The British rock group Elbow tell M how they keep their feet on the ground, despite healthy sales and a Mercury Prize.
A seldom seen side of rock stardom
In the internet age the concept of the "local hero" is a bit outmoded. But it's hard to think of a better description for the five members of Elbow. When we take a cab to their Blueprint Studios in the centre of Manchester, Guy Garvey (vocals), Richard Jupp (drums), Pete Turner (bass) and brothers Mark Potter (guitar) and Craig Potter (keyboards) are instantly recognised by the driver.
"S'pose you live down in that London now, winning the award and everything," he says. "Still, you've done this place proud."
Actually, despite multi-platinum sales and winning the 2008 Mercury Prize, they haven't moved to the UK capital at all. They all still live in or around Manchester. You only have to hear Jesus Is a Rochdale Girl from their most recent album, Build a Rocket Boys!, to know that much of their music is a series of open love letters to the North of England.
It goes deeper too. When we arrive at their studio they are welcomed by a handful of technicians and assistants, most of whom are friends they have known since they were 15 years old. There is no peer angst here. There is none of the semi-feudal hierarchy you find in the set-up of a high-profile band.
Later still at the Britons Protection pub in Manchester city centre their roots are on display more clearly still. A lunchtime patron recognises Turner and gives an approving back slap. He used to go to college with someone in Turner's family. The landlady, Gwen Partridge, leans over the bar to kiss each one of them on the lips.
"Come 'ere you!" she says, clutching each to her breast before allowing us the use of a back room in the 200-year-old pub. All in all the Mercury Prize winners (they have been nominated again for the 2011 prize to be announced on Tuesday) are revelling in an afternoon back on home turf.
"People are nice in Manchester. You get a few more thumbs up if you've been on the telly the night before, but generally people are content to let you blend into the background and leave you alone," says Garvey, who is, it has to be said, more portly and whiskery than most men of 37.
"That's because we are not thought of as proper rock stars," muses Turner. "Now if your frontman style was a bit more like Freddie Mercury, then we might get a bit more of the proper rock star treatment."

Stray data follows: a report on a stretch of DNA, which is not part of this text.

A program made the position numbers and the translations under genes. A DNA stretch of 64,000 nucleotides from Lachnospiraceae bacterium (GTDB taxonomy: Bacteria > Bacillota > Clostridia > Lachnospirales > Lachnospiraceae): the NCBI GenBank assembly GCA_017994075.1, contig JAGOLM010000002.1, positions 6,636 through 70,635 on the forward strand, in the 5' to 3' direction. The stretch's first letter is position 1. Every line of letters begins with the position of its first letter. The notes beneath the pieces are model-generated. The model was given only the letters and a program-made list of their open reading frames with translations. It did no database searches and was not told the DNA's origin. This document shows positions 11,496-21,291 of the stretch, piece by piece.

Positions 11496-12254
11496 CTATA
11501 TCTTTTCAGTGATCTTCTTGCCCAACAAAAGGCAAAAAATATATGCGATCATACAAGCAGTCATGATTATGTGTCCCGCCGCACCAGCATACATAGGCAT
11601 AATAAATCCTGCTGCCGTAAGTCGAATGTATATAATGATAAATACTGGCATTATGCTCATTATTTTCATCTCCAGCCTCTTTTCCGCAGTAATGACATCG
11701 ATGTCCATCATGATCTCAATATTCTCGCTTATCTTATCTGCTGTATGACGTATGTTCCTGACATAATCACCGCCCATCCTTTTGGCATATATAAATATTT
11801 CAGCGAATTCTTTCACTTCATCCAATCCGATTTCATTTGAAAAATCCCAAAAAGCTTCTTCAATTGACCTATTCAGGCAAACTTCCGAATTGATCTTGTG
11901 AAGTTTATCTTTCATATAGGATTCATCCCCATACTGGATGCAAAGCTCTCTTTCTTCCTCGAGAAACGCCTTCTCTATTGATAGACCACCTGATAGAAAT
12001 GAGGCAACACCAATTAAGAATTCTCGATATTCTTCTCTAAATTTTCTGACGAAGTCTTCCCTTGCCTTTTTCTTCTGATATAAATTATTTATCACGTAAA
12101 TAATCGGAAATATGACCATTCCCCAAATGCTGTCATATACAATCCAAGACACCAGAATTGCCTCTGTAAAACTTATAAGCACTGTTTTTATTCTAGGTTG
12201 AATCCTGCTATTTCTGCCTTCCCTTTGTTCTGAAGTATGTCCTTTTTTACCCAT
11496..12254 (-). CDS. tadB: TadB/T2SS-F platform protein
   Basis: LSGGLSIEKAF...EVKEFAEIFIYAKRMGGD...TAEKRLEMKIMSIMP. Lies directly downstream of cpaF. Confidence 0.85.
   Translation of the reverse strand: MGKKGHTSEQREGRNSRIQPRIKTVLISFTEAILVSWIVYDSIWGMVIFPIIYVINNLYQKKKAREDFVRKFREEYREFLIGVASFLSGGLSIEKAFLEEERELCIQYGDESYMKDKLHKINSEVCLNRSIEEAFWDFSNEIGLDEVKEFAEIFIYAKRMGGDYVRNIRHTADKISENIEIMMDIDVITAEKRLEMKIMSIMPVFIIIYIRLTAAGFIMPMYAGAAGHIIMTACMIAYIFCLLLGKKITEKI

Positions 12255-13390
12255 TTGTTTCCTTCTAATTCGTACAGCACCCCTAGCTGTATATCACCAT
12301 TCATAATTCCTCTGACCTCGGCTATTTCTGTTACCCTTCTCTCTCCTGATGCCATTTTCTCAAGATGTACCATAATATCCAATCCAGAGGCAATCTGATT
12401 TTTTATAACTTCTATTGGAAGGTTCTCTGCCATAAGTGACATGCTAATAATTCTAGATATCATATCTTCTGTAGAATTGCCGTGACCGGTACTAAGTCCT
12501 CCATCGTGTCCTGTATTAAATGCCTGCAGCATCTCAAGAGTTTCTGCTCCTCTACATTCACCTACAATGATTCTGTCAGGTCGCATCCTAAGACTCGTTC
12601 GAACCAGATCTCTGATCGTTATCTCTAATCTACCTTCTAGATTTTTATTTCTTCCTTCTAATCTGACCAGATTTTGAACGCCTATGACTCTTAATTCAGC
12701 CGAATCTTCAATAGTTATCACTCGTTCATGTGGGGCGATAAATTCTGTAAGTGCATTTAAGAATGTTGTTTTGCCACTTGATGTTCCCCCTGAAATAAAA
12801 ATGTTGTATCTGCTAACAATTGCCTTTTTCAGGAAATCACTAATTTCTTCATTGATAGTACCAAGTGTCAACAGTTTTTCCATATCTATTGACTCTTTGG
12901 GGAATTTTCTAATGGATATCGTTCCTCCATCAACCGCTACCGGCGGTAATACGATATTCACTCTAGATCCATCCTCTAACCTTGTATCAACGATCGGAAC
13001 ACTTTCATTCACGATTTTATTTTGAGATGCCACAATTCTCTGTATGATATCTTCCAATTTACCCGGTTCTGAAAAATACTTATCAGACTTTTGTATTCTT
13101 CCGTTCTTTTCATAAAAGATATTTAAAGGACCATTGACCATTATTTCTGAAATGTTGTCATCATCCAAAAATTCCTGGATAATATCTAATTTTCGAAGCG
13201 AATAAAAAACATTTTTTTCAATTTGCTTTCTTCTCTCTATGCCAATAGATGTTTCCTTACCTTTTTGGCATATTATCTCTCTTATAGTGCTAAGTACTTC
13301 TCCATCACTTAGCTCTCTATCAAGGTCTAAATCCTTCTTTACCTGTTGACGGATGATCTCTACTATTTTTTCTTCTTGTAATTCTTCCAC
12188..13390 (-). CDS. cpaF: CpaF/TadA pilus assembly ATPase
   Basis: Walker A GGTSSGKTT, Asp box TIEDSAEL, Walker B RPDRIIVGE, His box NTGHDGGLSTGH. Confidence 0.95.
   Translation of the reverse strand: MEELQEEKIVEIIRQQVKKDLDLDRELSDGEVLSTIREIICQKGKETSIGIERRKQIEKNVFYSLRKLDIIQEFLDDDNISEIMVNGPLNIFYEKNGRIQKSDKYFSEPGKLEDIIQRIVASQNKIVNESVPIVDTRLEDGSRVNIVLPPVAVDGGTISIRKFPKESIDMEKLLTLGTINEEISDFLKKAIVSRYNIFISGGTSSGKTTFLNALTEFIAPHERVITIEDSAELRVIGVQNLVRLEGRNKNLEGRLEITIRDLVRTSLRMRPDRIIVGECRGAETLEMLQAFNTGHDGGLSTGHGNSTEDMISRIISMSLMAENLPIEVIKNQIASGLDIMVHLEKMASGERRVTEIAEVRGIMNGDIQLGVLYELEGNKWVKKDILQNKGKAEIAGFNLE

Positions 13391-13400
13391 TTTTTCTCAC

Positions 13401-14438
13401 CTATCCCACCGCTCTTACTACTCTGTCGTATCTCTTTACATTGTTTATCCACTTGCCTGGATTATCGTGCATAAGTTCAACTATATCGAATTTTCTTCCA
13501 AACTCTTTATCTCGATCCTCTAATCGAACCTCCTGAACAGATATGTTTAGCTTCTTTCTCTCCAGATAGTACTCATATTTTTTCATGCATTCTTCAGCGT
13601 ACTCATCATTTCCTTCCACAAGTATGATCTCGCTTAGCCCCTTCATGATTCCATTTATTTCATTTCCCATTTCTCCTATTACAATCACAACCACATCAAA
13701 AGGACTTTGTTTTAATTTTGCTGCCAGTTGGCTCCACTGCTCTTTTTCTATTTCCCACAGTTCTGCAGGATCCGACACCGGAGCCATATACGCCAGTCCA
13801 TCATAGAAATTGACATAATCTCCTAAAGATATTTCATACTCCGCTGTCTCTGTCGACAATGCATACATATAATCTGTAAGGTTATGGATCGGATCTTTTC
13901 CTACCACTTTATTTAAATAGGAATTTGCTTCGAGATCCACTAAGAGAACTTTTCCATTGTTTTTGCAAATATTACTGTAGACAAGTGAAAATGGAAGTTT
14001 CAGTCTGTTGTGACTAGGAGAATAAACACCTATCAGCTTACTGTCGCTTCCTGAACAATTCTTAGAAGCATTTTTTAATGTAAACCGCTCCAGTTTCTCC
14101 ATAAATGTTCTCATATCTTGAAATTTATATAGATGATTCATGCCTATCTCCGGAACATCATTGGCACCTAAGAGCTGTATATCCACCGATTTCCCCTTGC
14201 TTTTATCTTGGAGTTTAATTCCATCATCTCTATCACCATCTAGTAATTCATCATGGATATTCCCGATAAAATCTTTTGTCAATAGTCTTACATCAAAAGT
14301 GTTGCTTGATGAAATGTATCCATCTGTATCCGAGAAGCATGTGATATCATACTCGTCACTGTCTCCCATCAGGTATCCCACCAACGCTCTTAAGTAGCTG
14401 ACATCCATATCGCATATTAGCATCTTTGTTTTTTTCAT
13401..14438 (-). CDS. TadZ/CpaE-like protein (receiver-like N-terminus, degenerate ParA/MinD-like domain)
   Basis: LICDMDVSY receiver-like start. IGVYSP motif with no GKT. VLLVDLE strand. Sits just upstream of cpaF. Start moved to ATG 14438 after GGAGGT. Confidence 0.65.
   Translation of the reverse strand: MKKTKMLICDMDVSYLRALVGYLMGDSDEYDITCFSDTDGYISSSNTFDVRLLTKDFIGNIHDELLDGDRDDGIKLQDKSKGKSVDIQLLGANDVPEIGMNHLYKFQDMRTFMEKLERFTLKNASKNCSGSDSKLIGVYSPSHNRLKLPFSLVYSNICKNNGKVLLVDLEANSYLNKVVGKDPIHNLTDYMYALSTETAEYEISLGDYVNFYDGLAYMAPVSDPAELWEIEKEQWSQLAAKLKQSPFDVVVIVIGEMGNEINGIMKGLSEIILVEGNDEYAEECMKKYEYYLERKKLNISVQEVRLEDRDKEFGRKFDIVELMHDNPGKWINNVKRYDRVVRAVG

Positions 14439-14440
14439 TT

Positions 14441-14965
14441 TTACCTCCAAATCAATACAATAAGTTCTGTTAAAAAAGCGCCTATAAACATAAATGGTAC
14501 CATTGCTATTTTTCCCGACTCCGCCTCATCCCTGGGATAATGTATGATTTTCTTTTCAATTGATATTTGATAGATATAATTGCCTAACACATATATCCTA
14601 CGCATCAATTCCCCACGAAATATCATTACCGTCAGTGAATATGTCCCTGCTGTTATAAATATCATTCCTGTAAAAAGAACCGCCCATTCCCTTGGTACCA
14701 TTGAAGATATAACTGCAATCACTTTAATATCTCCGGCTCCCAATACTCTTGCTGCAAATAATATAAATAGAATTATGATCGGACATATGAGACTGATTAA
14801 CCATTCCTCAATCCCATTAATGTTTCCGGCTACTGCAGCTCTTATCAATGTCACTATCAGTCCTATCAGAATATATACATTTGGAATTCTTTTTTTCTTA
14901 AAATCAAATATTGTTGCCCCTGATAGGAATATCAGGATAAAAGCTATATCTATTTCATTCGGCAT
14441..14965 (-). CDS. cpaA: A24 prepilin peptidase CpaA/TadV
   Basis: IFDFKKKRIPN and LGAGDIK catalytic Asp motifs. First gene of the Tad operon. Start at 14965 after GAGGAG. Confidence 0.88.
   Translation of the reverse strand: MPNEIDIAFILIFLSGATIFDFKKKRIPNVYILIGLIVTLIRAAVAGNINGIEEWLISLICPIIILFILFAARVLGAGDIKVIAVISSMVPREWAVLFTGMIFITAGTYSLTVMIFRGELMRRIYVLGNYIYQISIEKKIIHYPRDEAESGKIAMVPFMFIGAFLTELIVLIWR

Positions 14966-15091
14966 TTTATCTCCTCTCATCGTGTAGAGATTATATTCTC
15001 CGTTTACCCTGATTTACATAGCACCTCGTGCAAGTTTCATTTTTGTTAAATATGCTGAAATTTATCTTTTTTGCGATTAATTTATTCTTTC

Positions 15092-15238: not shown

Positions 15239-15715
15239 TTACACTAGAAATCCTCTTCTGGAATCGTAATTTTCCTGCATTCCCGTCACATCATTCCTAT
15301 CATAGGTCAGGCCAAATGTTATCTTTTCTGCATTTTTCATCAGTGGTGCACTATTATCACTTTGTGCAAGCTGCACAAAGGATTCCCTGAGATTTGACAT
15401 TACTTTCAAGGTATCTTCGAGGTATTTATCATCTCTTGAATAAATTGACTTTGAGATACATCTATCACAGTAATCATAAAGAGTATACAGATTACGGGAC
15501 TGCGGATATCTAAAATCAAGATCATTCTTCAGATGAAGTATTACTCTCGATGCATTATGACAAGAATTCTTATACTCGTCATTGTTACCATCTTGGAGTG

Turner is right. They are not "proper" rock stars. Their music and their personalities are too firmly rooted in the everyday for that. But also, in the X Factor age of the overnight sensation who can go from tiling a bathroom to headlining Wembley Arena in a matter of weeks, Elbow have been playing a conspicuously long game. This visit to the pub is part of a "rolling celebration" of their 20th year together.
"It was the summer of 1991 we formed. The last day of term in the lower sixth as I remember," says Garvey, referring to his days at secondary school. "It wasn't as idealistic and uncomplicated as you might imagine either. Mark asked me to get involved and, well, I wasn't sure if he actually even liked me at the time. I think he thought I was a bit of a show-off but that they'd better give me a go."
There were name changes and experiments. They were Mr Soft and then Soft. By the late 90s they were Elbow, named after a character in Dennis Potter's The Singing Detective who said "elbow" was "the most beautiful word in the English language". But their worrying run of bad luck was beginning: after being signed to Island Records they recorded a debut album. But in 1997 Island was bought by Universal Records and immediately Elbow and their album were unceremoniously dumped in a post-Britpop clear-out.
It was 2001, 10 years after they formed, before their debut was released. Asleep in the Back was critically lauded and nominated for the Mercury Prize. Yet somehow Snow Patrol and Coldplay became the choice of broadsheet-reading, mortgage-paying music lovers. Elbow were considered a little too avant garde. They struggled on.